There was already a queue when we arrived hours before our departure. We secured a four-person cubicle that ended up seating six. We arrived in the dusty town of Chicualacaula after what I think was a more than 20-hour train journey. My memory was hazy, probably due to lack of sleep and food, but a walk across the sand to a single building was the border post.

I had my passport stamped and my name and passport number written inside an A4 hardcover book. I’ll never know if that information was logged on a digital system, but the only trace of my existence there is my handwritten name in a book and the stamp in my passport.

Train through Africa

Maputo Central Station’s facade was designed by Gustav Eifel (who designed the Eifel Tower) and the building was designed by an associate of his.

After crossing the border, we were now in Zimbabwe and the village of Sango. I couldn’t see a platform, but a railway line ran through the bushveld. We were told to wait and that the train would arrive eventually.

We sat under the shade of an acacia tree, dozed off between naps, watched chickens clucking around us and read – all the things one does to try and pass the time. We also ate the first proper meal we’d had in w while, pap, goat and spinach cooked over the fire next to us. It might have been the hunger, but it was one of the best-tasting meals I’d ever had.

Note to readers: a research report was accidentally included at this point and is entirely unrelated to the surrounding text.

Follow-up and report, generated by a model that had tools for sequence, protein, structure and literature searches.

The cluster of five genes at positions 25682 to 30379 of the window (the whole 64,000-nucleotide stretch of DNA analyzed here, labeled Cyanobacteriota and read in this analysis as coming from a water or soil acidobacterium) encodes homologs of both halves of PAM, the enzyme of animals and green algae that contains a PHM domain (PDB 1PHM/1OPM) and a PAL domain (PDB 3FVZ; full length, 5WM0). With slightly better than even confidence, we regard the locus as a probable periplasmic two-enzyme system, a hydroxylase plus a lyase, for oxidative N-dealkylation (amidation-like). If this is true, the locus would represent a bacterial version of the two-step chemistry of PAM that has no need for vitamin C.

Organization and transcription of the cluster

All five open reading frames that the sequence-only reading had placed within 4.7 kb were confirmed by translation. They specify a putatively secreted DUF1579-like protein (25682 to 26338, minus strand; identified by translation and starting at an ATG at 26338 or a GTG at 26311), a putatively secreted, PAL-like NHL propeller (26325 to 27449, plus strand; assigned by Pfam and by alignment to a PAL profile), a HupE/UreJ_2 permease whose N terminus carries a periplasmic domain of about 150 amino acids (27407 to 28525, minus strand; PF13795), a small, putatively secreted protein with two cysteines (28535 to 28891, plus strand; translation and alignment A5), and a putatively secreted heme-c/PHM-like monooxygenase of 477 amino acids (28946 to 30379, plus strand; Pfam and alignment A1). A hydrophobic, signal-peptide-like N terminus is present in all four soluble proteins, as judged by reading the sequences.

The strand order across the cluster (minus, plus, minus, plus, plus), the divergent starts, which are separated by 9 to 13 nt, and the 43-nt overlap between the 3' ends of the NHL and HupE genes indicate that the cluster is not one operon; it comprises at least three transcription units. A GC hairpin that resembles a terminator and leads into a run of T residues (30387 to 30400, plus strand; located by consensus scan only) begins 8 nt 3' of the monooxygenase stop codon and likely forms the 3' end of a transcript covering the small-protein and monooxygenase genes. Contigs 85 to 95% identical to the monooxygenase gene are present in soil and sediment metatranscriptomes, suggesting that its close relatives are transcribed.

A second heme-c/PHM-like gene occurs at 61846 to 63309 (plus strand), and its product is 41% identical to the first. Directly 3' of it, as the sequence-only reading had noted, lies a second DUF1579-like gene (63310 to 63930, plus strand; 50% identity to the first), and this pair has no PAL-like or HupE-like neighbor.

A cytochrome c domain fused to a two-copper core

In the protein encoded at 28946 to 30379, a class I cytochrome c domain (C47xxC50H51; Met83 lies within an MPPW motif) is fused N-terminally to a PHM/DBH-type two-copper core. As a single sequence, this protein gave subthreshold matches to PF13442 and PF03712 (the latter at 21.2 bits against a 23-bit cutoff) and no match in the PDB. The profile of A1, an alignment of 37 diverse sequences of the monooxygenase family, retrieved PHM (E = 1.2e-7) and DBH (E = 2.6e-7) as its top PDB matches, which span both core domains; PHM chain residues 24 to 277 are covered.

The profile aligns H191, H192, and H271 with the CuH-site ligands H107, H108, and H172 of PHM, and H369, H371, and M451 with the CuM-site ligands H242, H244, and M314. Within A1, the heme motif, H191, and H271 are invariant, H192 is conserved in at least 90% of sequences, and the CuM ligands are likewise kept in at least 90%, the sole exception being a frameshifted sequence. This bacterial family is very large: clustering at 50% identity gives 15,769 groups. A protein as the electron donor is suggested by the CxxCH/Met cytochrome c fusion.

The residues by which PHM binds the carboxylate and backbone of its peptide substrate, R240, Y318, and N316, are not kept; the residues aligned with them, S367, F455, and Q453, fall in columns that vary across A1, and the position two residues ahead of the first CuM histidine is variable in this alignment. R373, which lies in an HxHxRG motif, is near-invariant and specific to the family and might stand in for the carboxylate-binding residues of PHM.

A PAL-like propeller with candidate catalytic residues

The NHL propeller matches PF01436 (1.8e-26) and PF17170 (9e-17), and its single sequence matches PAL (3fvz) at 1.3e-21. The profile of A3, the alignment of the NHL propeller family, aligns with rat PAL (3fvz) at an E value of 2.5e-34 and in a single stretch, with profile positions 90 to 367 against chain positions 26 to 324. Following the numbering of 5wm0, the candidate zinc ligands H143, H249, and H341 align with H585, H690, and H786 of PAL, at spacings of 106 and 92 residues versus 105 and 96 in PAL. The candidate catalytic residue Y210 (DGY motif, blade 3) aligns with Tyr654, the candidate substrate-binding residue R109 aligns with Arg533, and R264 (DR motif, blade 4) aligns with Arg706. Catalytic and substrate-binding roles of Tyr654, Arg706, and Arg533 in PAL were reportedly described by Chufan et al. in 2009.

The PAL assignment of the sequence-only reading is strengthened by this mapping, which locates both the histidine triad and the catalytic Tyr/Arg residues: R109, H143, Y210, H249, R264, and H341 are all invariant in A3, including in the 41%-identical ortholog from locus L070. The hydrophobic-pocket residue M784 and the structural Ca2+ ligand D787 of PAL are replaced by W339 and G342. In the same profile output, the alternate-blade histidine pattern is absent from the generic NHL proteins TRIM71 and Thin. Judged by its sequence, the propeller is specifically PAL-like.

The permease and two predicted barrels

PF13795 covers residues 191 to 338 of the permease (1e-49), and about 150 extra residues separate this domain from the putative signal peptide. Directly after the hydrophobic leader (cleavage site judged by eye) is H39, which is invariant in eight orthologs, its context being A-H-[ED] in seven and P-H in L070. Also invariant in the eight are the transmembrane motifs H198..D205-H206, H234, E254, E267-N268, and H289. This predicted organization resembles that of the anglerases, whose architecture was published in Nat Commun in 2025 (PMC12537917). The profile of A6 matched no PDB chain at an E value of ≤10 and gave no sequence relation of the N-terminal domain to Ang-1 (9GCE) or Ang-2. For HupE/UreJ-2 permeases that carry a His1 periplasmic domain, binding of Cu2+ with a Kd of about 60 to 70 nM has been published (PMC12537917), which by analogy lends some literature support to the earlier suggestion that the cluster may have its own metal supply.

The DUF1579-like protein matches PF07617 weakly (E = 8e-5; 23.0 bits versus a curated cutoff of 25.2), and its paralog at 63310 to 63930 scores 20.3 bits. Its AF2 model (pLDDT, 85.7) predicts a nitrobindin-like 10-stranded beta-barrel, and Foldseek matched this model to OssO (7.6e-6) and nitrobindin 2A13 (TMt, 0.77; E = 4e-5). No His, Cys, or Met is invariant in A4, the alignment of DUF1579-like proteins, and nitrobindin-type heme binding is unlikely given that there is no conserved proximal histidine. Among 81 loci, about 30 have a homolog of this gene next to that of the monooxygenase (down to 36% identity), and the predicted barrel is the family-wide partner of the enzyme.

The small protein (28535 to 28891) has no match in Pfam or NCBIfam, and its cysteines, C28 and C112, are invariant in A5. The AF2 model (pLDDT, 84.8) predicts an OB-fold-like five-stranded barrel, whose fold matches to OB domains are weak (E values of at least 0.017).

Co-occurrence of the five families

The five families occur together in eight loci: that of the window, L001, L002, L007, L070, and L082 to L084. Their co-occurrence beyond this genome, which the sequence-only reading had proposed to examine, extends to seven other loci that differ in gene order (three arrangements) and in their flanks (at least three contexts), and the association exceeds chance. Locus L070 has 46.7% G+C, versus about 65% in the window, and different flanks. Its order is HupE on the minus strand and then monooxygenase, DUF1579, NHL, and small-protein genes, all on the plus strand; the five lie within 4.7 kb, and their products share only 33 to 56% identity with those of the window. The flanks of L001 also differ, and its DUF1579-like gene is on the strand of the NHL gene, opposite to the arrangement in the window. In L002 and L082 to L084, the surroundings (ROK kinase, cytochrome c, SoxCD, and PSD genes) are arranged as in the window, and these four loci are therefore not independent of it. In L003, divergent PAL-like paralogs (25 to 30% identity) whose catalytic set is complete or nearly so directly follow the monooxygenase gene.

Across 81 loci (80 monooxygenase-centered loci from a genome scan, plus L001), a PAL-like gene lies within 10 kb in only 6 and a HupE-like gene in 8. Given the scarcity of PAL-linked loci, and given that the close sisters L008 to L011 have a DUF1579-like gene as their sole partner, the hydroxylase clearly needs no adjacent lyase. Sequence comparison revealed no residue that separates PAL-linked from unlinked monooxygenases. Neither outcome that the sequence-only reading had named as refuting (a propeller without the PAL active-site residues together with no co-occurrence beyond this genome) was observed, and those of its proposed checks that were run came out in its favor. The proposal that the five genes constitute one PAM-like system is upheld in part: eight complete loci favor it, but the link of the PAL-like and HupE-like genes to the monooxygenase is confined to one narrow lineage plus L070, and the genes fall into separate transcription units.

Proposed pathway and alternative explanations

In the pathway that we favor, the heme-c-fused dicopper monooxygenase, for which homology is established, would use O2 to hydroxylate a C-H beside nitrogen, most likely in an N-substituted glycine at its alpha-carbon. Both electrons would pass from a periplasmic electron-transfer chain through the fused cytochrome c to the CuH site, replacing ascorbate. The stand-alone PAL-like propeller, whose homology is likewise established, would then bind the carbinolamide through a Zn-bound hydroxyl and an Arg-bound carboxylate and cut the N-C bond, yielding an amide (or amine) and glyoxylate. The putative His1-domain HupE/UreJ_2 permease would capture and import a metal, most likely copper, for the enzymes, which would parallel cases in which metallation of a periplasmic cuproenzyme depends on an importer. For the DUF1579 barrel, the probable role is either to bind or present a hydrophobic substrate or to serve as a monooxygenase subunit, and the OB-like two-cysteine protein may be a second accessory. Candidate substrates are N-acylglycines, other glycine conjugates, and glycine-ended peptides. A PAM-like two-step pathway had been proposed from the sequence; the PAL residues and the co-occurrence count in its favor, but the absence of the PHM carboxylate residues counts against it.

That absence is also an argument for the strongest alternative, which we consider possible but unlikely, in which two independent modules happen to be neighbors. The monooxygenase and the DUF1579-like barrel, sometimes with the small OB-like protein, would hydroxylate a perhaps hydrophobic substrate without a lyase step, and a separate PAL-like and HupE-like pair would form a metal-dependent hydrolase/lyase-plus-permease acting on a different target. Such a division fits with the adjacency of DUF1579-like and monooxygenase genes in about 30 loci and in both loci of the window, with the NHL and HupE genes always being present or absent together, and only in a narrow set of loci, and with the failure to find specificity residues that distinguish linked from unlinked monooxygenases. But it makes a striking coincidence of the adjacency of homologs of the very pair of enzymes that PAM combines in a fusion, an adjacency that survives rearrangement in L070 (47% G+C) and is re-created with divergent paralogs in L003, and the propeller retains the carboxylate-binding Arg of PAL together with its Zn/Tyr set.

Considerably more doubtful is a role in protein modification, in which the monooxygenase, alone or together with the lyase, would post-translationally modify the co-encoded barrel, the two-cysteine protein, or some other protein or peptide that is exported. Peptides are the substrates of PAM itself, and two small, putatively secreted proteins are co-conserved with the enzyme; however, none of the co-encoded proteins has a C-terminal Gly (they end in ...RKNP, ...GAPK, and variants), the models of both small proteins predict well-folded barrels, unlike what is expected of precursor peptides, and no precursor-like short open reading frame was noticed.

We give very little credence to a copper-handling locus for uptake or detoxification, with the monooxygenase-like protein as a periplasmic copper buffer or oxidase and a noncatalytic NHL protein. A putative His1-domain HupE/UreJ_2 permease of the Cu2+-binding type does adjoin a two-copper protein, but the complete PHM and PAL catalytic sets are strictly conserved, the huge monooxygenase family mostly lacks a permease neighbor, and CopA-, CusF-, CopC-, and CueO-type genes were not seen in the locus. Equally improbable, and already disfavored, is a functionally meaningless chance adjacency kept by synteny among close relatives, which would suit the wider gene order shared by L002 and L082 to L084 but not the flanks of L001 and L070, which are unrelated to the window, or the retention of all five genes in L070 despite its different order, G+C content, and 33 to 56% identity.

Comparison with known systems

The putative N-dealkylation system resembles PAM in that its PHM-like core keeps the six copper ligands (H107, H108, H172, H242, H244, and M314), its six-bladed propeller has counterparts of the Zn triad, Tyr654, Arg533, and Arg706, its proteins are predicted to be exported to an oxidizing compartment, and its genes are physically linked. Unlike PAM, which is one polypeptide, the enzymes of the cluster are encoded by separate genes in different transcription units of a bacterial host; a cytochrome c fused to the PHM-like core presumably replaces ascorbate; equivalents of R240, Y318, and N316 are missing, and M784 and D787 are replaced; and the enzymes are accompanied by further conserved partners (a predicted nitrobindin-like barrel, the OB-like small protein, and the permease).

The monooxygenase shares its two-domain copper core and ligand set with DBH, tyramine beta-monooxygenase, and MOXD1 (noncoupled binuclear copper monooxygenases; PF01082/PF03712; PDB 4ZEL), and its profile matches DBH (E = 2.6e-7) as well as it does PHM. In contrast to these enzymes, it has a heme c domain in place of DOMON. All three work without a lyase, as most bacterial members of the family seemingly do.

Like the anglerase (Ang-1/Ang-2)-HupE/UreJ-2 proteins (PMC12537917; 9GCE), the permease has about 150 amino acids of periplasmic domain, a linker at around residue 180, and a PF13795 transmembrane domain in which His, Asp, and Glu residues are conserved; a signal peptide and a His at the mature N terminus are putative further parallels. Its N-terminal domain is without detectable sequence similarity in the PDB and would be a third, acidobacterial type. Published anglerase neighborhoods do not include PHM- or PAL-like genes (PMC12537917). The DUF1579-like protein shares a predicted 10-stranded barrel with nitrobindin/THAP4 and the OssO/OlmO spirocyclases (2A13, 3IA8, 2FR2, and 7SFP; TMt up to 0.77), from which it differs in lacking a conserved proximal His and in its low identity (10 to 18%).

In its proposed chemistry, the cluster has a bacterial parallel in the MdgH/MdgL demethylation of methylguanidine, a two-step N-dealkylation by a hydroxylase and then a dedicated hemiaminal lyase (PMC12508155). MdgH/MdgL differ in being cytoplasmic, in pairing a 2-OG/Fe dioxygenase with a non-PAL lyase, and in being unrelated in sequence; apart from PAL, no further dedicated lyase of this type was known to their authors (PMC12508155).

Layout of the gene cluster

The old brass sinks in the cabin rooms of Zimbabwe’s trains

Eventually, a train appeared on the tracks, a conductor appeared, and we approached him to buy tickets, only to find out they only accepted take cash. Fortunately, they took South African rands. But the train only ran on Wednesdays and would arrive in Bulawayo on Thursday morning.

The train was emblazoned with the original “Rhodesian Railways” logo and there was a brass sink in each carriage room. When we asked the conductor how old the carriages were, he guessed they’d been around since the ’30s.

Going at a snail’s pace, we enjoyed the comfort of the train’s bunk beds. Arriving in Bulawayo, we had a day to spare before catching another overnight train that evening to Victoria Falls.

Train through Africa

Bulawayo Train Station


Train through Africa

An old advert still stands in Bulawayo station

Zimbabwe had the most punctual train service during the journey, without a mishap. One of the conductors invited us to the “bar” in the next carriage, another room with an ice bucket containing drinks, and we could hear merry travellers (mostly train staff) making their way up and down the passage.

From the train, we could see a part of the countryside that tourists don’t usually catch a glimpse of, such as obscure villages, bushveld as far as the eye can see and, if you are lucky, wildlife.

Eventually, we arrived in Victoria Falls. We hadn’t showered for a few days and probably stunk. Not that we’d have been able to tell. Luckily, visiting Victoria Falls meant we could quickly rinse in the fall’s mist before crossing another border in Zambia.

No photo description available.

The blackboard train schedule in Bulawayo Station.

Next up: A train through Africa: things get even more awry

Pictures: David Henning